In Europe, the debt crisis facing countries such as Italy, Greece and Ireland affects all countries that use the euro, with uncertainty resulting in volatility. We will continue to see volatility in foreign exchange rates in 2011 and 2012 as the complicated global recovery takes its course.
How can companies reduce volatility?
Organizations doing business overseas can reduce volatility in their income statements and more accurately forecast cash flows by using tools to hedge their foreign exchange risks. Some people mistakenly associate hedging with speculation and think they’ll be taking on more risk, but hedging limits risks.
How can companies determine which hedging strategy fits their situation?
There are three categories of hedges. The first is forward outright purchase or sale, in which a company locks in a rate today to be used in the future. Money doesn’t change hands until settlement day, and you lock in your profit margin on goods you’re selling. The value of this hedge is the certainty that it provides, i.e., a company will know today what exchange rate will be used in the future.
However, some companies use this hedge and then, if currency rates move in their favor before the transaction settles, they are not happy because they would have come out ahead if they had done nothing. Unfortunately, the company is only looking at one side of the equation, and tends to focus on the change in the exchange rate being a good versus bad decision, rather than the real value of taking an unknown (where the exchange rate will be in the future) and making it known (by locking in a rate today.) In that case, the company has the right idea but has chosen the wrong product. What they want is an option.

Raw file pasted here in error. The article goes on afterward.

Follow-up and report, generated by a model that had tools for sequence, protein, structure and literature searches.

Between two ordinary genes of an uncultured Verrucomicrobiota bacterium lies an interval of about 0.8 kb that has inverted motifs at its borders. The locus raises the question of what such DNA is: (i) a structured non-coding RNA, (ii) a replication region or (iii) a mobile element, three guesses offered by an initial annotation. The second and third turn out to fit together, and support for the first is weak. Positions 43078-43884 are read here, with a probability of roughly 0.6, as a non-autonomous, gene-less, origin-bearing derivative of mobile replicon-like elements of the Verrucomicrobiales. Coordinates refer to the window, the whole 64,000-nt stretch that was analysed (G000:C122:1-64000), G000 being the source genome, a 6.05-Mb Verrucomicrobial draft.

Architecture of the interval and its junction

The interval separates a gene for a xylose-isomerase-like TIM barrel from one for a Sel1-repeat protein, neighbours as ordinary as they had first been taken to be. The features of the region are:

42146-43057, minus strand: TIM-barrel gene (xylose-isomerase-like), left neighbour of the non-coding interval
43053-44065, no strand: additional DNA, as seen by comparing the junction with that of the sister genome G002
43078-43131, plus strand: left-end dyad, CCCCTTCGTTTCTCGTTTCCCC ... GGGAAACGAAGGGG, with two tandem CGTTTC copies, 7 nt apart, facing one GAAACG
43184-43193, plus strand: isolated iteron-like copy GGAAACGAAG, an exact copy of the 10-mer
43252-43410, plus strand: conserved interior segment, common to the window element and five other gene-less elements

With options, you lock in the right, but not the obligation, to sell at a specified price. You pay an up front premium, with the amount dependent on the strike price you choose. You get 100 percent protection from adverse exchange rate movements but dollar-for-dollar gain if the currency moves in your favor.
Yet, some companies do not want to pay a premium up front, so should consider a structured option, where you put two or more options together to reduce or eliminate the premium. You start by buying a regular option, but to reduce that premium, you also sell an option to your FX provider. You earn premium for the option you sell, which reduces or eliminates your cost of the structured option. Then you will be fully protected if the currency moves against you, but you benefit if the currency moves in your favor.
Companies should educate themselves on how to maximize their business opportunities and minimize their risk in foreign exchange markets by identifying exposures and implementing appropriate hedging strategies. <<
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Don Lloyd is senior vice president, Capital Markets, Associated Bank. Reach him at (312) 861-1501 or Donald.Lloyd@AssociatedBank.com.